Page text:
The morning chill that welcomed more than 45,000 runners Sunday vanished under clear, sunny skies, making Chicago’s 38th annual marathon a heated race to the finish.
Placing 9,222nd overall and 6,641st out of almost 25,000 men was DePaul junior Danny Curley. A high school track and cross country star, the digital cinema major decided to get his feet wet in the sport once again, and in the afternoon heat, that wasn’t hard to do.
“I thought (the temperature) was good up until (mile) 18 or 19, and then it was getting really hot,” Curley said.
Before starting the race he was also concerned about his left knee, which he said was burning before he even started at 8:04 a.m.
“I was like, ‘man this is not going to be fun,’ but I went in with a mentality not to think about it and it never bothered me in the race,” Curley said.
Curley finished in 3:53:34, which for his first marathon was impressive and blew his original goal of four hours out of the water.
“I think mile 13 was (when I thought) ‘maybe I could get it,’” Curley said. “By the time I got to mile 22 I was at like 3:15, I was like, ‘I can do four miles in 40 minutes.’”
Curley said the only thing bothering him after the race was pain in his thighs, but standing on the corner of Jackson Boulevard and Michigan Avenue, surrounded by beaming relatives and friends wearing “Go Danny” T-shirts, he didn’t seem to mind the pain.
Finishing the 26.2-mile run is a challenge in itself, but Curley and other runners said training was key. “It takes a lot of discipline to run four out of the seven days of the week,” Curley said.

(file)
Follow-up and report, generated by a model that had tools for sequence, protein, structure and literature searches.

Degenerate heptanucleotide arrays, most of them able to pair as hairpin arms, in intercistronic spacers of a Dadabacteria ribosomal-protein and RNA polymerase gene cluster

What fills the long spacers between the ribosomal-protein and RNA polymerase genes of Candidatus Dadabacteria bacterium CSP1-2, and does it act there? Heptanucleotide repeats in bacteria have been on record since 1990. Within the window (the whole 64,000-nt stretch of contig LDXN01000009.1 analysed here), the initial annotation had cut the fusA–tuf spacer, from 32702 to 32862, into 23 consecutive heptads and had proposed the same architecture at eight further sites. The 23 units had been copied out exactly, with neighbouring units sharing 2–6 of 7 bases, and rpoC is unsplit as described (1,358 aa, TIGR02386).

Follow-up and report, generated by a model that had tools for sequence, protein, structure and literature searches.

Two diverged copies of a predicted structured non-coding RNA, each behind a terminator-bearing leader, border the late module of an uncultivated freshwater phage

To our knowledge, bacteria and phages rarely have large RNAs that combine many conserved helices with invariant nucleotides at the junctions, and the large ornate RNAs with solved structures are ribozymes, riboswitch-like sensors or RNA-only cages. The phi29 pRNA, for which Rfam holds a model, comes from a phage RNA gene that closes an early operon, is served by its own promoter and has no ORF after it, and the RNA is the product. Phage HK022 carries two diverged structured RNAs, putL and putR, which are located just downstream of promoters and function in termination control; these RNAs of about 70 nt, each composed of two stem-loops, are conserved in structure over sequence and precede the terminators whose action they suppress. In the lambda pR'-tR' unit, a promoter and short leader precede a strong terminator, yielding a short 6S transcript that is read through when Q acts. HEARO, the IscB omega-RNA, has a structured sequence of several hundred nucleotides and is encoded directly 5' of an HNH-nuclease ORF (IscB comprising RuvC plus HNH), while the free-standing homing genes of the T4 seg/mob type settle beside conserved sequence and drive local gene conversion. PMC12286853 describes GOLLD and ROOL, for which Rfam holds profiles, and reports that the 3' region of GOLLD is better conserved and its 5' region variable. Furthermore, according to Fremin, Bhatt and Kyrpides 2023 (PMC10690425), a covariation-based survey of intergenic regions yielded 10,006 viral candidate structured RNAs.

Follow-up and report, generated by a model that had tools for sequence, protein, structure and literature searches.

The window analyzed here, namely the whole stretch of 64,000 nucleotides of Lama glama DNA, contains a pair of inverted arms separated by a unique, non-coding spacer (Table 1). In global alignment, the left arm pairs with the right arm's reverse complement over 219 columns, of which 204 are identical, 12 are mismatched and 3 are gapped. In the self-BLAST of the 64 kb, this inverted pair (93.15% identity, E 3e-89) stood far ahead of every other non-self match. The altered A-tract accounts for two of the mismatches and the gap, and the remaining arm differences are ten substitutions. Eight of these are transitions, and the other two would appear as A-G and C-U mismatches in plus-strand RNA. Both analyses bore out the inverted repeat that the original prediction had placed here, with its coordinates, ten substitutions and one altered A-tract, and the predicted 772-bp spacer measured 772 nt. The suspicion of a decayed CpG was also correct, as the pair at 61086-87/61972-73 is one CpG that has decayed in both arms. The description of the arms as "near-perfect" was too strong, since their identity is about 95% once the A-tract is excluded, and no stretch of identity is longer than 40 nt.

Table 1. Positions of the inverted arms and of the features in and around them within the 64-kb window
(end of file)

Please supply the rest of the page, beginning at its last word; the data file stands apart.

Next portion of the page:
DePaul alumna Kelly Benitez said her husband, Braulio, is always running in preparation for marathons. After completing Sunday’s marathon in Chicago, he’ll go to New York to run again.
“He runs like 100 miles a week,” Benitez said.
Benitez, who graduated in 2008 and works in Chicago, said her husband wanted to finish his eighth marathon Sunday in 2:30:00. The third time watching her husband run in Chicago, Benitez also said a lot had changed since the 2013 Boston Marathon bombing.
“The first year after the Boston bombing (security) was really tight and it’s about the same this year,” Benitez. Among the security changes were barricades around the finish line. The farthest point spectators could go was at the final turn on Roosevelt Road and Michigan Avenue.
But Curley said the crowd support helped fuel him through the race.
“When there were a lot of people it was so effective, I ran so much faster,” Curley said. “There’s a part in Pilsen where I turned right on the corner and there were people on drums and people singing, and that was a pump-up.”
Martin Larsen, 42, from Washington has run five marathons, two in Chicago.
“I really enjoy Chicago because the support you get from the fans, all through the course is just fantastic,” Larson said. “It’s unbelievably motivating. It’s very unique in that way. Not all marathons are like that.”